Interest in monumental mantelpieces, whether functional or simply decorative, was curiously strong in the late 19th century. At the Salon de la Société Nationale des Beaux-Arts of 1894 alone there were half a dozen. They were made by sculptors (Jean Baffier or the Finnish artist Ville Vallgren), architects (Léon Bénouville) or ceramists such as this one by Dalpayrat. Bought by the state for the Musée du Luxembourg, it was made by Pierre-Adrien Dalpayrat and his partner Adèle Lesbros who, since 1893, had been financially supporting the artist's expensive experiments.
For Dalpayrat, designing a mantelpiece was above all an opportunity to apply to architectural ceramics the techniques which had built his reputation. Flamed stoneware, to start with, but more particularly the famous coppery red that all ceramists of the second half the 19th century tried to master in their efforts to reproduce the mythical sang-de-boeuf glaze of the Chinese. The oxblood glaze had been known in France since Alexandre Brogniart, the director of the Sèvres porcelain factory, had arranged for a missionary, Father Ly, to send him samples of different reds in 1844.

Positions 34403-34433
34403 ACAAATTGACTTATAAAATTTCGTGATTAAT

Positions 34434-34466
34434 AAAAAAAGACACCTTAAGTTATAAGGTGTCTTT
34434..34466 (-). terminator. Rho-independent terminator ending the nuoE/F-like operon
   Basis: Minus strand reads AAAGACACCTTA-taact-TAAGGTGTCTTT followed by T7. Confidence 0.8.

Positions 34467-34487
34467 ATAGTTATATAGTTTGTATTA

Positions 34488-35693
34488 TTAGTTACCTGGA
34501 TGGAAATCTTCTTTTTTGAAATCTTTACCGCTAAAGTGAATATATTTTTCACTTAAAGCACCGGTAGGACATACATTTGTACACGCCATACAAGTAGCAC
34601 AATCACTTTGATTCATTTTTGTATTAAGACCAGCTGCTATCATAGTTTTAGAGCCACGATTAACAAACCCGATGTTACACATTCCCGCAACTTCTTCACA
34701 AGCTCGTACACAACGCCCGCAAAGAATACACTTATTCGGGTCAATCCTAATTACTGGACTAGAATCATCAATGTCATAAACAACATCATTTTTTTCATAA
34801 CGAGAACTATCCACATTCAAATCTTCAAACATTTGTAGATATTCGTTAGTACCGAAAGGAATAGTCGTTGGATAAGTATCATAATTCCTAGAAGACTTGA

In fact, Dalpayrat's red is more a material than a colour. The basic colour is usually blood red, obtained from copper oxide, but can also be a moss green, amber or leaden grey, or all those at once. The diversity of the palette suggests the use of many specific oxides generating a particular colour. But this is not the case: the colours, flamed or otherwise, result from subtle variations in the proportions and the firing of the formula based on copper alone.